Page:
Township of Manalapan, NJ
Monmouth County
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Table of Contents
Table of Contents
The flood hazard areas of the Township of Manalapan are subject to periodic inundation which results in loss of life and property, health and safety hazards, disruption of commerce and governmental services, extraordinary public expenditures for flood protection and relief, and impairment of the tax base, all of which adversely affect the public health, safety, and general welfare.
These flood losses are caused by the cumulative effect of obstructions in areas of special flood hazard which increase flood heights and velocities, and when inadequately anchored, causes damage in other areas. Uses that are inadequately floodproofed, elevated or otherwise protected from flood damage also contribute to the flood loss.
It is the purpose of this chapter to promote the public health, safety, and general welfare, and to minimize public and private losses due to flood conditions in specific areas by provisions designed:
To protect human life and health;
To minimize expenditure of public money for costly flood control projects;
To minimize the need for rescue and relief efforts associated with flooding and generally undertaken at the expense of the general public;
To minimize prolonged business interruptions;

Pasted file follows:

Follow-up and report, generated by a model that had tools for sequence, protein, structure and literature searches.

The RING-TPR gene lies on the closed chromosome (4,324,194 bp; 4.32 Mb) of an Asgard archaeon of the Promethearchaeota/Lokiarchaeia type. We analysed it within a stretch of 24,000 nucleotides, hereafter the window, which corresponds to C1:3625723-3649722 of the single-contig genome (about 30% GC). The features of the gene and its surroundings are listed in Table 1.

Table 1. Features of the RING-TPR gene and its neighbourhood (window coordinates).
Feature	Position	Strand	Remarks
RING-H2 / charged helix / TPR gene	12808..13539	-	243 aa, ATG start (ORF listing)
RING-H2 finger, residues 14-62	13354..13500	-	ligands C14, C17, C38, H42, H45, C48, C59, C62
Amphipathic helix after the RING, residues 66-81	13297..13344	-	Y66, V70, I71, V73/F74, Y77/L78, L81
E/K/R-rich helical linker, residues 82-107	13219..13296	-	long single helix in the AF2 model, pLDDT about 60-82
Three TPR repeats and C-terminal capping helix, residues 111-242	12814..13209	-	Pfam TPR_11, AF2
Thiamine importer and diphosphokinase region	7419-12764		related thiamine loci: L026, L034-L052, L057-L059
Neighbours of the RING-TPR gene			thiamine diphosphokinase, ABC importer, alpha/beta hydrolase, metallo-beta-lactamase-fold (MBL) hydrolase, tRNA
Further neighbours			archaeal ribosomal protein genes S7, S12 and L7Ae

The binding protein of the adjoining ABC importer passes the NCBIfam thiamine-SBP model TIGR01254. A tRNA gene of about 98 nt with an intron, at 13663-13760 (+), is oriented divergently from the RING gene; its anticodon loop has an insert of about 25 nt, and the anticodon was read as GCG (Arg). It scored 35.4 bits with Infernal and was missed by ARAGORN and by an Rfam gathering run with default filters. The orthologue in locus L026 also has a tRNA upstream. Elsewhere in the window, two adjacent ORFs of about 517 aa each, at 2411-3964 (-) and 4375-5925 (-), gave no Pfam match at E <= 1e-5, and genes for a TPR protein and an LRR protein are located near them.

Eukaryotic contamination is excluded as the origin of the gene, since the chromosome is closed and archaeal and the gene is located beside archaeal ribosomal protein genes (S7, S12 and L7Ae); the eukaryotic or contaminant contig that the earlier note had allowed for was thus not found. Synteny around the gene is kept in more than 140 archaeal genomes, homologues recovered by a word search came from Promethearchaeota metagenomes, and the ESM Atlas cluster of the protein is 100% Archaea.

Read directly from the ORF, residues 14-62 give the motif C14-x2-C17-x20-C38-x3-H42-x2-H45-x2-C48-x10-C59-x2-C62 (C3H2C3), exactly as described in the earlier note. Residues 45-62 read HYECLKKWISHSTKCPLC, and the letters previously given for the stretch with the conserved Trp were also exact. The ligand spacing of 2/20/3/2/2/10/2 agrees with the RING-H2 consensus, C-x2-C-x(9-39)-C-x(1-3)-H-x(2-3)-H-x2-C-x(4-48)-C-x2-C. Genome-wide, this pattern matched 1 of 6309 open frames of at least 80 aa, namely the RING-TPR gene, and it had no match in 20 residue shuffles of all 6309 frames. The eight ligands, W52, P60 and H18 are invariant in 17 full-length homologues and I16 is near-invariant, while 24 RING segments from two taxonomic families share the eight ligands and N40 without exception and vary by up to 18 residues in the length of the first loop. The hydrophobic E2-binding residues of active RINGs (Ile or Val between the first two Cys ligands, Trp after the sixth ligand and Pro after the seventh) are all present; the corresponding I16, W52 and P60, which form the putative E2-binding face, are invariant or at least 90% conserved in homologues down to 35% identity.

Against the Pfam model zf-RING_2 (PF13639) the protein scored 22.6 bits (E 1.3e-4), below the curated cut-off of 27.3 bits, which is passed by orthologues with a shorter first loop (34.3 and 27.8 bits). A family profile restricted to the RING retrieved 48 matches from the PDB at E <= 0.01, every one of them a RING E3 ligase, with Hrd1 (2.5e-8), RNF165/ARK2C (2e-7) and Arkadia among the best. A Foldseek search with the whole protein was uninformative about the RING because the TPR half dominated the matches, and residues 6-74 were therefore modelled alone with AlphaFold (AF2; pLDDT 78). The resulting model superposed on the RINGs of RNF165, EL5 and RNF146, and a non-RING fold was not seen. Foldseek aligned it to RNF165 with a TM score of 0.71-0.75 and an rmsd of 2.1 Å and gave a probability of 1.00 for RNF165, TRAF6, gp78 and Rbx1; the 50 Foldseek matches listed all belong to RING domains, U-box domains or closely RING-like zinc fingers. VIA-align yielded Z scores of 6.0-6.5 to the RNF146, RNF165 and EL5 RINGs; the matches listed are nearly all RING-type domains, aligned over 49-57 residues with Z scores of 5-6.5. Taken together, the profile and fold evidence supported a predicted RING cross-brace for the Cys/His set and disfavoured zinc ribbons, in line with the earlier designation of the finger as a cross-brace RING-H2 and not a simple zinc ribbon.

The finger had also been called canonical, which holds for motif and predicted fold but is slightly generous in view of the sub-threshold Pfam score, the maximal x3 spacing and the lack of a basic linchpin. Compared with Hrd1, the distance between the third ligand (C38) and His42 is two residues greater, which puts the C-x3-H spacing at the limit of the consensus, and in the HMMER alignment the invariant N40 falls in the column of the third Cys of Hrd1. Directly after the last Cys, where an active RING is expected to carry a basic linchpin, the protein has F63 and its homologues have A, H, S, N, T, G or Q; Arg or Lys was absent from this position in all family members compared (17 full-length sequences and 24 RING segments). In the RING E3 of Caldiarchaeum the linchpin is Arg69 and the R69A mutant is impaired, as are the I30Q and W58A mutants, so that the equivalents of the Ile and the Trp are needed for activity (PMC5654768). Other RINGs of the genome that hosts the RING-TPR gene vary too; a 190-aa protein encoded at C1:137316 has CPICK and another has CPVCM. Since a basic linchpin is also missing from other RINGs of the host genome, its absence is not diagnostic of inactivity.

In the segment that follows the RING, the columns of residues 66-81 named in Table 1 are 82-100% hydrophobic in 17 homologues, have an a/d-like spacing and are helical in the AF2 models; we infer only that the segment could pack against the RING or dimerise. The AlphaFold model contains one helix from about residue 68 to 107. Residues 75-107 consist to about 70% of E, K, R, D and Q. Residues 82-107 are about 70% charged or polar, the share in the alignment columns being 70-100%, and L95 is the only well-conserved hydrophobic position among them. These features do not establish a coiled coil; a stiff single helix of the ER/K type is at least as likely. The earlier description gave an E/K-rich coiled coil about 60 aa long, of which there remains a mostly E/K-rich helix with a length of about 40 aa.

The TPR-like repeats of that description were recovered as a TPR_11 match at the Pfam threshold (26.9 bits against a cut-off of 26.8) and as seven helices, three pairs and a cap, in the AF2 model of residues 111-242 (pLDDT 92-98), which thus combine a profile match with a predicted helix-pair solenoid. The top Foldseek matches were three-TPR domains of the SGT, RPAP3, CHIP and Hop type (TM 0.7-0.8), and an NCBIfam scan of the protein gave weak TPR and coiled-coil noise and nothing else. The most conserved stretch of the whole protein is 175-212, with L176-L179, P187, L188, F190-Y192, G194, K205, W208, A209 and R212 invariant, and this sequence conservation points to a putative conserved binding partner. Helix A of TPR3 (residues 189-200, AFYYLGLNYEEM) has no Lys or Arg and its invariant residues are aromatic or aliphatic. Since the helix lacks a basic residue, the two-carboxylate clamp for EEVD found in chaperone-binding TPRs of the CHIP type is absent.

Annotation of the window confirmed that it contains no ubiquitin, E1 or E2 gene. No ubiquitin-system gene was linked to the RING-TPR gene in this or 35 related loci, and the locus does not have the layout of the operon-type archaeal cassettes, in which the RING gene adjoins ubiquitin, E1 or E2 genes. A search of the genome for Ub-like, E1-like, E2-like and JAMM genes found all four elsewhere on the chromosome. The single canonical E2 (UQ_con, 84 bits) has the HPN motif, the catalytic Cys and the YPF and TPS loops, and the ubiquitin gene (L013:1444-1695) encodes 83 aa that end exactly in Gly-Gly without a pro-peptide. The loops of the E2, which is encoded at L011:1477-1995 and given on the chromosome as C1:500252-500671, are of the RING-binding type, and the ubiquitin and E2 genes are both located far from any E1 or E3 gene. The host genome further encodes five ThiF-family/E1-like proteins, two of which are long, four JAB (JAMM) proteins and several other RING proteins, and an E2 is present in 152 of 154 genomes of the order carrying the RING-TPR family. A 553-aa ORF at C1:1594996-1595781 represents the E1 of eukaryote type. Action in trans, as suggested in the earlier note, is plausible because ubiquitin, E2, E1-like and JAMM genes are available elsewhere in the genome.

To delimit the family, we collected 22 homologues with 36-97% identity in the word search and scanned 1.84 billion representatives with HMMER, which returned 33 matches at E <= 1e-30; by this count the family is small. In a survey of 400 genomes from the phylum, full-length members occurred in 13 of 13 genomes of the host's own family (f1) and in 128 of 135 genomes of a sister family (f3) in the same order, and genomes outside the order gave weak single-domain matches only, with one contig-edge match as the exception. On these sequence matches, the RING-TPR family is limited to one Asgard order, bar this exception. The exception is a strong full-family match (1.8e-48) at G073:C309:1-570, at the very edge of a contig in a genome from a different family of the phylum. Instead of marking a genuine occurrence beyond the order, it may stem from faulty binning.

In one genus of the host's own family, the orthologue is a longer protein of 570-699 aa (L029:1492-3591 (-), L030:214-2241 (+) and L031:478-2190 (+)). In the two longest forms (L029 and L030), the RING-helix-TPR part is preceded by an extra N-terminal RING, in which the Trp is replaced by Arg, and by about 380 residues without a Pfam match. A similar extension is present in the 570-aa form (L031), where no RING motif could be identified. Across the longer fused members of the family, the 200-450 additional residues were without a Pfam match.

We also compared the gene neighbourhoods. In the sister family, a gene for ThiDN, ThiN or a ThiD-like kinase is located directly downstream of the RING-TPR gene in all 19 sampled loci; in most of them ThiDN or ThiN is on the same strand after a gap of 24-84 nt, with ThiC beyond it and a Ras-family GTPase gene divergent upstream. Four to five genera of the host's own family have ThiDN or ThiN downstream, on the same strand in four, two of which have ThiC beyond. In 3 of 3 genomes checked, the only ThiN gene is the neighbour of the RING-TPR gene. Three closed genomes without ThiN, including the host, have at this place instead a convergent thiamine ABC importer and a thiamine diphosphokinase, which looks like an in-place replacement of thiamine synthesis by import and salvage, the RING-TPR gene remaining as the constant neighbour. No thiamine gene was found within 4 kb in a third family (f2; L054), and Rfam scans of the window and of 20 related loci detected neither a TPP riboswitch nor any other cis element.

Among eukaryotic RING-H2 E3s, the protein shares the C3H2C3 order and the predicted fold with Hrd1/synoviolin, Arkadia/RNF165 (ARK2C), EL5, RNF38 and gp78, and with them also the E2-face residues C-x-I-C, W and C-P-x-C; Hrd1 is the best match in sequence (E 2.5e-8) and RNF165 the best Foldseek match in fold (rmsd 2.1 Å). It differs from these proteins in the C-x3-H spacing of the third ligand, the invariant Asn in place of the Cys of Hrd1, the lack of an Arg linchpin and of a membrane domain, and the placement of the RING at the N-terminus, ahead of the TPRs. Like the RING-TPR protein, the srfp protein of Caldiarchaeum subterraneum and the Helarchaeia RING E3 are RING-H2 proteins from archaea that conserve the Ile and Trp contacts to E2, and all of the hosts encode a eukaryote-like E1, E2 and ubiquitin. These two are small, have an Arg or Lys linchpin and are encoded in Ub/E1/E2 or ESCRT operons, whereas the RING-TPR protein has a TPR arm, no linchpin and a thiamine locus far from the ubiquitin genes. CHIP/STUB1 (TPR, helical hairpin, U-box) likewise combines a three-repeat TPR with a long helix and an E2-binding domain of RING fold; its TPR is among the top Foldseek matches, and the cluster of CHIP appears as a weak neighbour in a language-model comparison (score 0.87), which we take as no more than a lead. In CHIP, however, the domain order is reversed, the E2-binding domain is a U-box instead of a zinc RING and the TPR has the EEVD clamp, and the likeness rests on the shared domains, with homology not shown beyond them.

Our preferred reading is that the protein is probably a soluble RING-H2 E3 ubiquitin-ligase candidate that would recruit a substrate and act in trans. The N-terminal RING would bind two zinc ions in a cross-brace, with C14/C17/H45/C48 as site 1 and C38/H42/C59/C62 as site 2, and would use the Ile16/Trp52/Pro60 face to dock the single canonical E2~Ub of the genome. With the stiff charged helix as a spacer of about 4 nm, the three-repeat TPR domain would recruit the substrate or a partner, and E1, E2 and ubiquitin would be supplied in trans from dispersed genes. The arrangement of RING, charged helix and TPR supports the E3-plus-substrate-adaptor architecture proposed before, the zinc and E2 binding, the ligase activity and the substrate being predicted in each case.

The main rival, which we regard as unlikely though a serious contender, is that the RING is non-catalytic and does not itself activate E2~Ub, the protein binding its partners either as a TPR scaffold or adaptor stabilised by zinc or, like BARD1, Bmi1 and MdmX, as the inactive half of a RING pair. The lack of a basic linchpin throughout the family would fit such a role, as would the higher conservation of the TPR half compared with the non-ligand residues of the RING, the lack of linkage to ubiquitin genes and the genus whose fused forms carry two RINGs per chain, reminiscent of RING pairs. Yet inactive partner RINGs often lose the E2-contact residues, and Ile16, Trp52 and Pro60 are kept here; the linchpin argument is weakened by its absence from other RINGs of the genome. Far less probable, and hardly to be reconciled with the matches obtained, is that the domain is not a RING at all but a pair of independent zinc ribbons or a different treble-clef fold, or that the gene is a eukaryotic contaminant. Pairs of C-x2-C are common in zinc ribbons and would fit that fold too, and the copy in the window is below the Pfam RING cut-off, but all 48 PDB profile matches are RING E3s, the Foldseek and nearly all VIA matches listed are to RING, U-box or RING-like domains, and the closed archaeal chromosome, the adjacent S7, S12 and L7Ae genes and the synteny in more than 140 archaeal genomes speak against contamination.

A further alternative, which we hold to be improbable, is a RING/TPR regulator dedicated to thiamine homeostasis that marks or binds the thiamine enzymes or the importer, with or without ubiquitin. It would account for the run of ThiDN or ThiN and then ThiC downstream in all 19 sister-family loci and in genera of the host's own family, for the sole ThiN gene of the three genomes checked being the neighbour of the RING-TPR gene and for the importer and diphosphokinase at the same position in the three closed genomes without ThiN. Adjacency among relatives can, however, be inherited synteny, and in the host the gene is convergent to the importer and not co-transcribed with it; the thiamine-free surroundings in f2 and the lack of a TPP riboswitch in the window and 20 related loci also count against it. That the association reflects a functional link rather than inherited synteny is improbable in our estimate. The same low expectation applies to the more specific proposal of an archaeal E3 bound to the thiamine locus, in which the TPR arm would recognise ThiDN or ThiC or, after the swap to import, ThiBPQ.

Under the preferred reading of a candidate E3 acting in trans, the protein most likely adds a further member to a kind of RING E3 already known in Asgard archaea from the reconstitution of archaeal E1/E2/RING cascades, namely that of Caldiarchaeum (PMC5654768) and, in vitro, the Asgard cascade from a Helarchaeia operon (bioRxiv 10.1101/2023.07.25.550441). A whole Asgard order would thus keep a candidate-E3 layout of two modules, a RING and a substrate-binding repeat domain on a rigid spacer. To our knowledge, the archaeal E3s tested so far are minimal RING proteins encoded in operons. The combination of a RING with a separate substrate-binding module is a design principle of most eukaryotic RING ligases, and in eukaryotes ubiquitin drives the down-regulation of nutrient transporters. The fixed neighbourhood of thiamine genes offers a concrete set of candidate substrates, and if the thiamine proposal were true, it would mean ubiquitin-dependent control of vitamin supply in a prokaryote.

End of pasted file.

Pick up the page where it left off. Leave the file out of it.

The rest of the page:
To minimize damage to public facilities and utilities such as water and gas mains, electric, telephone and sewer lines, streets and bridges located in areas of special flood hazard;
To help maintain a stable tax base by providing for the second use and development of areas of special flood hazard so as to minimize future flood blight areas;
To ensure that potential buyers are notified that property is in an area of special flood hazard; and
To ensure that those who occupy the areas of special flood hazard assume responsibility for their actions.
In order to accomplish its purposes, this chapter includes methods and provisions for:
Restricting or prohibiting uses which are dangerous to health, safety, and property due to water or erosion hazards, or which result in damaging increases in erosion or in flood heights or velocities;
Requiring that uses vulnerable to floods, including facilities which serve such uses, be protected against flood damage at the time of initial construction;
Controlling the alteration of natural floodplains, stream channels, and natural protective barriers, which help accommodate or channel floodwaters;
Controlling filling, grading, dredging, and other development which may increase flood damage; and
Preventing or regulating the construction of flood barriers which will unnaturally divert floodwaters or which may increase flood hazards in other areas.
Unless specifically defined below, words or phrases used in this chapter shall be interpreted so as to give them the meaning they have in common usage and to give this chapter its most reasonable application.
As used in this chapter, the following terms shall have the meanings indicated: